Choice of immunosuppression may modify the risk of cancer after kidney transplantation, however, long-term data are lacking. Using the Australian and New Zealand Dialysis and Transplant Registry, we compared the 9-year risk of incident cancer, non-melanoma skin cancer (NMSC), and death attributed to cancer among participants from Australia and New Zealand in four randomized-controlled trials which compared de novo or early switch to an everolimus-containing regimen with calcineurin-inhibitor-based triple therapy. An adjusted Cox-model with random effects was used to determine such risks. Two hundred seventy-nine patients (192 everolimus, 87 control) were followed for a median of 9 years (IQR 6.7, 11.2). Compared with control, everolimus use was not associated with a reduction in the risk of incident cancer, NMSC, or cancer-related death (unadjusted HR [95% CI] 0.86 [0.49-1.48], 0.58 [0.30-1.12], and 1.18 [0.32-4.38], respectively). Subgroup analyses showed a 56% reduction for NMSC in patients randomized to everolimus + reduced-dose calcineurin-inhibitor versus control (unadjusted HR 0.44 [0.21-0.92]), which remained significant after adjusting for age, gender and smoking (adjusted HR 0.45 [0.21-0.96]). Although de novo or early switch to everolimus did not alter the 9-year risk of incident cancer or cancer-related death, everolimus with reduced-dose calcineurin-inhibitor strategy may reduce the long-term risk of NMSC.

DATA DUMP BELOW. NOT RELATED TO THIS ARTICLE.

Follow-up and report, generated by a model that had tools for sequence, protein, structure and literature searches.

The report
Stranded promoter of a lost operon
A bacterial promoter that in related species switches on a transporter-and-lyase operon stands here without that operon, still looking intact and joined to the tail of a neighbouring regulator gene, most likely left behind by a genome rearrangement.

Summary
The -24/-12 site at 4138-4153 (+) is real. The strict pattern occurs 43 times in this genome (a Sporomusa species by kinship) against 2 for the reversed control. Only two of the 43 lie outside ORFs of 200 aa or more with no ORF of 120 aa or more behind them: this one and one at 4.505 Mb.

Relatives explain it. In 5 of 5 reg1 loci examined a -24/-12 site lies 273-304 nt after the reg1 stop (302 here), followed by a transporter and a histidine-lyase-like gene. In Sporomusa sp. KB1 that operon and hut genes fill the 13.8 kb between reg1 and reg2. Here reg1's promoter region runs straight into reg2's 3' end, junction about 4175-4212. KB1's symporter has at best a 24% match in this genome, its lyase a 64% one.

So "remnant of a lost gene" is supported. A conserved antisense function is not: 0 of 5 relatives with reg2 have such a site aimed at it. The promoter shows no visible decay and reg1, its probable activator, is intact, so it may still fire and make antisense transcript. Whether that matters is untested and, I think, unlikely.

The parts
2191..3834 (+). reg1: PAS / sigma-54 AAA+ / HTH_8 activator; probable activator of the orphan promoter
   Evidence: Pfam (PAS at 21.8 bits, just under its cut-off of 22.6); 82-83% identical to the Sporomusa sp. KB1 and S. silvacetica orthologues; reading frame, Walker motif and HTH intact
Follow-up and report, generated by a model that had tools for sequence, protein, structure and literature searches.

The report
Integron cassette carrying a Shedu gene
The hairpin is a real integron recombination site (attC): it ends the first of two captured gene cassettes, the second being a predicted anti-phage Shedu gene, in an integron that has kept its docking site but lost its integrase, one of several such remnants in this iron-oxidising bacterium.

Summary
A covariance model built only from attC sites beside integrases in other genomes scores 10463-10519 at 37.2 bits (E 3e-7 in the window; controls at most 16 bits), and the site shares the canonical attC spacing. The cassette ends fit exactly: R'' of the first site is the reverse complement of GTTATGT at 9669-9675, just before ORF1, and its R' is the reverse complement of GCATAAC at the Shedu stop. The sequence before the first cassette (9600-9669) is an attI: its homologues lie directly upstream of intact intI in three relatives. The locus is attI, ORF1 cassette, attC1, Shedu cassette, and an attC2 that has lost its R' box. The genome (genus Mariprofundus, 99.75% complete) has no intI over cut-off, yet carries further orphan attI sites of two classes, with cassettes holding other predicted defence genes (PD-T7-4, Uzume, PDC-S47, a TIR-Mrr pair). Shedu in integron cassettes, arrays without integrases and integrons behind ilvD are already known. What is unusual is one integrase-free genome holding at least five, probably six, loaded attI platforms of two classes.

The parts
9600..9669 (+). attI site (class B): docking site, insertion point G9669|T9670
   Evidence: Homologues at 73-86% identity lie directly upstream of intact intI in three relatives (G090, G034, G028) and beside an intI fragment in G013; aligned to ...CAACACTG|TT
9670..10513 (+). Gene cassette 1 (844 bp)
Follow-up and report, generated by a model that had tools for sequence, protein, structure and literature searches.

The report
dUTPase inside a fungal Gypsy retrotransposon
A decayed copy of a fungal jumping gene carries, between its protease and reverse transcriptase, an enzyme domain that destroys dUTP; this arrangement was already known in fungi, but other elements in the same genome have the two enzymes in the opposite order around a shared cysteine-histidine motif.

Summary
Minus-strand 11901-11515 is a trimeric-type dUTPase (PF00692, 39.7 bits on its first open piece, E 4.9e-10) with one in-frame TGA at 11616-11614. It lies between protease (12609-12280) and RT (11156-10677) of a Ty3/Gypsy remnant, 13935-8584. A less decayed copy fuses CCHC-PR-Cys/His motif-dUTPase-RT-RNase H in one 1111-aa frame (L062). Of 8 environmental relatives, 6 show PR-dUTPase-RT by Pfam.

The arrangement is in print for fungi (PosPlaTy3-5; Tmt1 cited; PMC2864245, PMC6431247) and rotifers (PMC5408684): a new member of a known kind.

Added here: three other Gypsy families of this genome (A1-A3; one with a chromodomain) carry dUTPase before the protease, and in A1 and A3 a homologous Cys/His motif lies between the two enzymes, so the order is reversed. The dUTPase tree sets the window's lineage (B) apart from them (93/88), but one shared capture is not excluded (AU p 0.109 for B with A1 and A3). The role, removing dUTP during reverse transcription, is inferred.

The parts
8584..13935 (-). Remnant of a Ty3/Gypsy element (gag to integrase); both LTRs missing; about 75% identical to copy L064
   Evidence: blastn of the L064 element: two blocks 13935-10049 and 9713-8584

- cancer/malignancy/neoplasia: registry/incidence
- clinical research/practice
- immunosuppressant - calcineurin inhibitor (CNI)
- immunosuppressant - mechanistic target of rapamycin: everolimus
- kidney transplantation/nephrology